I am currently in Madikwe where I have been sharing the most incredible sightings and photographic opportunities with a client on a private photo safari.
Phil has been asking a huge amount of questions – something I think we all need to do more of – but one of the topics we discussed on the vehicle this morning made for very interesting conversation, so here goes with a quick few thoughts on the topic.
When you arrive at a sighting how do you approach it?
Do you go for the spray and pray approach or do you follow a very structured approach and tick off various types of images such as portraits, animal behaviour or animals in their environment?
My answer to Phil was this…
Ask yourself two questions – Why and how?
When you get to a sighting or get visual of your subject ask yourself – why am I lifting up my camera? Why do I want to photograph this scene or subject?
Then, once you know why ask yourself how which will help you with whatever artistic and technical considerations you might have.
Here’s an example.
Why? The reason?
The light was awesome, the subject cute as hell and I wanted to capture the golden moment and rim lighting.
How? What technical and artistic considerations?
Focus on the subject. Choose a shallow depth of field to make the subject pop. Underexpose the image slightly to really show the splashes of gold and the rim lighting and capture the mood. And then in post processing in Lightroom add some Clarity and warm the image up a little further.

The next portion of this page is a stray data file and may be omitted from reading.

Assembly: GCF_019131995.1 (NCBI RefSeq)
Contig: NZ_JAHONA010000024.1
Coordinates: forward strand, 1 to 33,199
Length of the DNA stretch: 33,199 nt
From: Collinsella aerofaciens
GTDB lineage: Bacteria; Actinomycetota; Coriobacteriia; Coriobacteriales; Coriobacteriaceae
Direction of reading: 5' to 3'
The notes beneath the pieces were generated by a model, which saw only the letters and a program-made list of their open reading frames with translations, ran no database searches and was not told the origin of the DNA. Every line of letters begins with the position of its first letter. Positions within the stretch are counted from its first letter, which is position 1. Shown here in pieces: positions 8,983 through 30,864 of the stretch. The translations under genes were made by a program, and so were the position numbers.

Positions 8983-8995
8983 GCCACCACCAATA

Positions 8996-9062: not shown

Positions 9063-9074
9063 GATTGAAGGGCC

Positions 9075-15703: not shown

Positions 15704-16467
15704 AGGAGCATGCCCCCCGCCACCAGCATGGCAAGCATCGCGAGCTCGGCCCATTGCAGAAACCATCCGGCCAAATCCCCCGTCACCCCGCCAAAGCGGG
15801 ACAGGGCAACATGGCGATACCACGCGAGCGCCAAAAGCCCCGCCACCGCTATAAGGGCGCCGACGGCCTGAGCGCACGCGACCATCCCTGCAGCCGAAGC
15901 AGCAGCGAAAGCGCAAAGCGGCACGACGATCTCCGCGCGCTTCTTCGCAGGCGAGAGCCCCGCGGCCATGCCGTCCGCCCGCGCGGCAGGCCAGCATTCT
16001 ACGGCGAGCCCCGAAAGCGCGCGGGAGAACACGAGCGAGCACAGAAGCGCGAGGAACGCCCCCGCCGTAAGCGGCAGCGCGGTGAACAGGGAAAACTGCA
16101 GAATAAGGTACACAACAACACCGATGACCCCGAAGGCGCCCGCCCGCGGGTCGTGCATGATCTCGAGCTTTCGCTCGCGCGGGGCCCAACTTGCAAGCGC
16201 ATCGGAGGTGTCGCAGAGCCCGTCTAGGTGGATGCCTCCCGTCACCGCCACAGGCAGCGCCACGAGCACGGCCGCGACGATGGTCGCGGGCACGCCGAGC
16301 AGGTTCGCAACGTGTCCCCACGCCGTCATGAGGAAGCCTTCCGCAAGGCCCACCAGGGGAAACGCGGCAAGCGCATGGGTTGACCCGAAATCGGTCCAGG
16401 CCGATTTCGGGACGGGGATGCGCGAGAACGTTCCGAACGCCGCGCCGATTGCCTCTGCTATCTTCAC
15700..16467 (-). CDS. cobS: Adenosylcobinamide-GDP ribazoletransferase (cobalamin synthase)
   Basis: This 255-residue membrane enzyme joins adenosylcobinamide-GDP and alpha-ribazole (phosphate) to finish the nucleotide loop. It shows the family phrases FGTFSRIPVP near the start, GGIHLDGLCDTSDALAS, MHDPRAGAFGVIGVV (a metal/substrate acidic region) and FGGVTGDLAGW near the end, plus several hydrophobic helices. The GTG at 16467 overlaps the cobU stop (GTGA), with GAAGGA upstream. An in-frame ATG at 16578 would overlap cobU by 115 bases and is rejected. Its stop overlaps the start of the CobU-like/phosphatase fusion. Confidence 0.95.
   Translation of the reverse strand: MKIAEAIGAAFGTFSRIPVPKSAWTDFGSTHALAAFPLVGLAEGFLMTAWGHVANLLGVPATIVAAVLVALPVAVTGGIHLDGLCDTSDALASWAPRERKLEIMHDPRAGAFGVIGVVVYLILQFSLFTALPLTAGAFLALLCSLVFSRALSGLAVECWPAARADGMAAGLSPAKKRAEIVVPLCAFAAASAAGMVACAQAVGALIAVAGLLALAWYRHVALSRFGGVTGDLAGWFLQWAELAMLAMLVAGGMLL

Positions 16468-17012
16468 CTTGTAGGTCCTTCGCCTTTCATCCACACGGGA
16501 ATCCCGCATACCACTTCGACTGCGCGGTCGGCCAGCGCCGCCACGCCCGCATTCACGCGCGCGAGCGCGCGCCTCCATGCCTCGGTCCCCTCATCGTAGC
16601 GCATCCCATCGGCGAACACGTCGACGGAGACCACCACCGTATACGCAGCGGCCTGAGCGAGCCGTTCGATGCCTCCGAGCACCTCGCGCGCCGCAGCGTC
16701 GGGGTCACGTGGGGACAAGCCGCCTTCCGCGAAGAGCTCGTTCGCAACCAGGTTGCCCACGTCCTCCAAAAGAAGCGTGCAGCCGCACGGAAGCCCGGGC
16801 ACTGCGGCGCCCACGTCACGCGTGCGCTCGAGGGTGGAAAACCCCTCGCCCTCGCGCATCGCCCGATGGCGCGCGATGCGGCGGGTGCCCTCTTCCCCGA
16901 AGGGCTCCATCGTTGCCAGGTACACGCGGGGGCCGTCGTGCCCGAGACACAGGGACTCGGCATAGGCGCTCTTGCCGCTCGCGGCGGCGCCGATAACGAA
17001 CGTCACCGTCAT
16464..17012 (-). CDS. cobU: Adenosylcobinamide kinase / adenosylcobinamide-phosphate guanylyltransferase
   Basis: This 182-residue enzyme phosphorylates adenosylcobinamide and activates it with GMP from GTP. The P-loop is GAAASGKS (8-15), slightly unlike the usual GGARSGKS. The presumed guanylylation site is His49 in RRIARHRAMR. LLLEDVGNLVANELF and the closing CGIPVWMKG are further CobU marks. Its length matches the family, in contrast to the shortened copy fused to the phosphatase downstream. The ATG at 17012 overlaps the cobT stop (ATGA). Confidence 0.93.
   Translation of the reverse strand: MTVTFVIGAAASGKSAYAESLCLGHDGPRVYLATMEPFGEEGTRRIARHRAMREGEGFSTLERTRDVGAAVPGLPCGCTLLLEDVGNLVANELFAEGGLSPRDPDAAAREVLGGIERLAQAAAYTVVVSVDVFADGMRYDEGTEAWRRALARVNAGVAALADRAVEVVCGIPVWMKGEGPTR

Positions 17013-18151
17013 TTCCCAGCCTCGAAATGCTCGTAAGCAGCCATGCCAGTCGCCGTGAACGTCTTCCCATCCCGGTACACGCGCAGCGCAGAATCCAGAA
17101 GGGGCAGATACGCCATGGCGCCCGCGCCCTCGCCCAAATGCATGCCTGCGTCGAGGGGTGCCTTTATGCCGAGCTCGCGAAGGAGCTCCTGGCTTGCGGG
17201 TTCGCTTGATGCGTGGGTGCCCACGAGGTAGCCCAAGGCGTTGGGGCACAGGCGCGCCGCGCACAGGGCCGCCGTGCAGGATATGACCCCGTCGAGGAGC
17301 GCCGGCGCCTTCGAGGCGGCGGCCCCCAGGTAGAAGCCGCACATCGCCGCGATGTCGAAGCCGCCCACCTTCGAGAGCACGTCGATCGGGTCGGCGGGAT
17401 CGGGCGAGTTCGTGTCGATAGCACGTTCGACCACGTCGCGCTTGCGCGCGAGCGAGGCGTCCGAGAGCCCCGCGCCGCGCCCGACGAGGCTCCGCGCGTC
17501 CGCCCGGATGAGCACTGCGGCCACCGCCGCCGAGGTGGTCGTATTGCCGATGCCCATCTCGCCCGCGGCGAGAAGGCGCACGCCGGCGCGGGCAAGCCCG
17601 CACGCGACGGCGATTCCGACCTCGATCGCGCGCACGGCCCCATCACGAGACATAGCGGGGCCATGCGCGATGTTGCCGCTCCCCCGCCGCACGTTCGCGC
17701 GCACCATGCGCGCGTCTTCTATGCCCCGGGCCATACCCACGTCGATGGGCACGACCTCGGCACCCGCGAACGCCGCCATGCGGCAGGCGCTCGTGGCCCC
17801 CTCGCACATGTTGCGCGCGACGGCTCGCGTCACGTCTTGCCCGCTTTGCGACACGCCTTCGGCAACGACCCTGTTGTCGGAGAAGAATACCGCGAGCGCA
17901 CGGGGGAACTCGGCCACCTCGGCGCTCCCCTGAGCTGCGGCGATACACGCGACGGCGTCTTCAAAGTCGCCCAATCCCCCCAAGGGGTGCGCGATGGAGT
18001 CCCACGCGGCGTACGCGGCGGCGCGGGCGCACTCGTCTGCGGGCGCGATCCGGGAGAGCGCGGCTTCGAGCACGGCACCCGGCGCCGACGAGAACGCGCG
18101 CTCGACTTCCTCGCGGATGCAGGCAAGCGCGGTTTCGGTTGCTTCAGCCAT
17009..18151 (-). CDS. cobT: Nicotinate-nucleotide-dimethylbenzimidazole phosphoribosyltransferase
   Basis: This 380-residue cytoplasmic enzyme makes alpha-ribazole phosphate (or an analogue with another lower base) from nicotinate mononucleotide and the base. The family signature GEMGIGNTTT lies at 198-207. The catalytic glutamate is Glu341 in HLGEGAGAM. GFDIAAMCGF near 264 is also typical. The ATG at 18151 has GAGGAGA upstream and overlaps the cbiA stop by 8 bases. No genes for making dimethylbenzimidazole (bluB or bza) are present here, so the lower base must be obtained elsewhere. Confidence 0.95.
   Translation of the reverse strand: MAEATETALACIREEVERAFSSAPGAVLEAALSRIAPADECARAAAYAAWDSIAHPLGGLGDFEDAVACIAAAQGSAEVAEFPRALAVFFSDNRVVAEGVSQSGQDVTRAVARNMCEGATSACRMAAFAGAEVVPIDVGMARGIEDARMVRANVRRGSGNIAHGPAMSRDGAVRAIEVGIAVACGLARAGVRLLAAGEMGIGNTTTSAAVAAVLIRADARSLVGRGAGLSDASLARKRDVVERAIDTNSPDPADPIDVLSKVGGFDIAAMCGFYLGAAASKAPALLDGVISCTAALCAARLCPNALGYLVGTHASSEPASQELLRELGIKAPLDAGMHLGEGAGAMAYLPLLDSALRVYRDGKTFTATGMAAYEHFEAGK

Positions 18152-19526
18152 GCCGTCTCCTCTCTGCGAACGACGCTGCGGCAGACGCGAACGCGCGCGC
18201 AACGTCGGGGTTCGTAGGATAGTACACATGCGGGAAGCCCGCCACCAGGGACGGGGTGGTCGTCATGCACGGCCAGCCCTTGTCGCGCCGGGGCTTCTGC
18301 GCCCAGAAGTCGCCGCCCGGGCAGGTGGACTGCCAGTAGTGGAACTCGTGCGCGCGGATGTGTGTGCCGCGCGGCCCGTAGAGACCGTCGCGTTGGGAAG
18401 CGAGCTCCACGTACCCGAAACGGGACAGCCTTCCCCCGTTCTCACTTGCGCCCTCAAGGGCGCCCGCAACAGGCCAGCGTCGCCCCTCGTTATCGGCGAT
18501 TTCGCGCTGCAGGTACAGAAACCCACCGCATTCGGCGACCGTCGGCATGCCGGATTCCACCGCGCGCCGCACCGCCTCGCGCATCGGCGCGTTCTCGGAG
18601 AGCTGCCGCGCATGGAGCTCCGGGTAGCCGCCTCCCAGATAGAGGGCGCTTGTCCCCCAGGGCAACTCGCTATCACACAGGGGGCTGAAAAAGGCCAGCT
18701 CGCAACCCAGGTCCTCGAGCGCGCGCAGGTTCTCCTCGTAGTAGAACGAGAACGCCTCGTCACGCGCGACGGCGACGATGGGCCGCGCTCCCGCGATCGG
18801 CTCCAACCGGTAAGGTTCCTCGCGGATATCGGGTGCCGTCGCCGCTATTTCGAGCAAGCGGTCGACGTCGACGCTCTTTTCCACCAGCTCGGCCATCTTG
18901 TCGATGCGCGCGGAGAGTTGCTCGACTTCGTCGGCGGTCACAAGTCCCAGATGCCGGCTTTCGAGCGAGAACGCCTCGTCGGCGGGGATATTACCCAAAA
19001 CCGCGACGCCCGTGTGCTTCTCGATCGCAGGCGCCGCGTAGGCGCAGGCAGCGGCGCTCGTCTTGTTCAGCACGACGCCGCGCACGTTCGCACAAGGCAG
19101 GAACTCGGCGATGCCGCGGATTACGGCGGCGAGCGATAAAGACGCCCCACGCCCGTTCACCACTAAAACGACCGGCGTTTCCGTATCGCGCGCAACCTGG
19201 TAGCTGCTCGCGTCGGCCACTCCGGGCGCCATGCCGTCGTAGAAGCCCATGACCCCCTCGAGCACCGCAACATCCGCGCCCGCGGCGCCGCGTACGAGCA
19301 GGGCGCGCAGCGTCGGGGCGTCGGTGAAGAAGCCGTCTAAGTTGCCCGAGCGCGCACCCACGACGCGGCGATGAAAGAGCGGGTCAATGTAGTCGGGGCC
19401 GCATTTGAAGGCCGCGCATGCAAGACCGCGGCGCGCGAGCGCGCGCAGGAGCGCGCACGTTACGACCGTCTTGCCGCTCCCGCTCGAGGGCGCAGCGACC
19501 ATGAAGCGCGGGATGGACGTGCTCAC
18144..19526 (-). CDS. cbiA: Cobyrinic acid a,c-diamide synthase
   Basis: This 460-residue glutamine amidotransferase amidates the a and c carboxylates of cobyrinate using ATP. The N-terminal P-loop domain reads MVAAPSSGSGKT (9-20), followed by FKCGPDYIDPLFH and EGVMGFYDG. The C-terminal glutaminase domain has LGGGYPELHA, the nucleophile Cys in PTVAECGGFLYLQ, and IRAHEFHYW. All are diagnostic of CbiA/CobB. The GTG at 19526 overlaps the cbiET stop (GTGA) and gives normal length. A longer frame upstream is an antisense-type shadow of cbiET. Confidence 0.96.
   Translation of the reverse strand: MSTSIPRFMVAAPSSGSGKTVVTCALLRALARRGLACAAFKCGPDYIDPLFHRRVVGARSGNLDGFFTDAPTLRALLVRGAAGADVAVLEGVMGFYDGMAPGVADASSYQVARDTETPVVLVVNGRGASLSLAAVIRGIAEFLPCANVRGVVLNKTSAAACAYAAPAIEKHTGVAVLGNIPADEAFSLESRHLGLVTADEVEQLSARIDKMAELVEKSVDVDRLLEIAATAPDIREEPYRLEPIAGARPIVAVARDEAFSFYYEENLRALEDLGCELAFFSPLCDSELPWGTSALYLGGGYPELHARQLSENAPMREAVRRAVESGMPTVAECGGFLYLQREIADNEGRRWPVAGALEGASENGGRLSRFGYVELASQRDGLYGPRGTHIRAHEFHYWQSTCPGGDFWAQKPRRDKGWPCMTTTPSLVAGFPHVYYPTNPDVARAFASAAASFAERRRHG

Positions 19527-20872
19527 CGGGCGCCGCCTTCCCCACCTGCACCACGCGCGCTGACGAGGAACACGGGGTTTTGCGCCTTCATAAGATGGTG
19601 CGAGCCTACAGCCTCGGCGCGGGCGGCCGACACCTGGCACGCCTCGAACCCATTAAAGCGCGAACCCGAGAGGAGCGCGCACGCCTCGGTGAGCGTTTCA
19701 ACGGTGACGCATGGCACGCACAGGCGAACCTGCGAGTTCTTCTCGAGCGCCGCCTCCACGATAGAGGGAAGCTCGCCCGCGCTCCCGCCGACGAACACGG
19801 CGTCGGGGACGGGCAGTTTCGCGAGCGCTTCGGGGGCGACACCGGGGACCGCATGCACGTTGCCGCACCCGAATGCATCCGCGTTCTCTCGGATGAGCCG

Don’t overcomplicate something that should, if done correctly, come from within yourself. Photography is an art so it needs to be defined by you, the artist – or if you feel uncomfortable to call yourself an artist – the photographer.
The reason why you pick your camera is unique to you so use that as a starting point as to what you are going to photograph and how you are going to present the final image.
How do you approach a scene or subject when you head out into the field? Would love to hear your comments.
For now, a quick shower and right back to the lodge so we can get stuck into some post processing tips and tricks.
Until next time.
Gerry van der Walt
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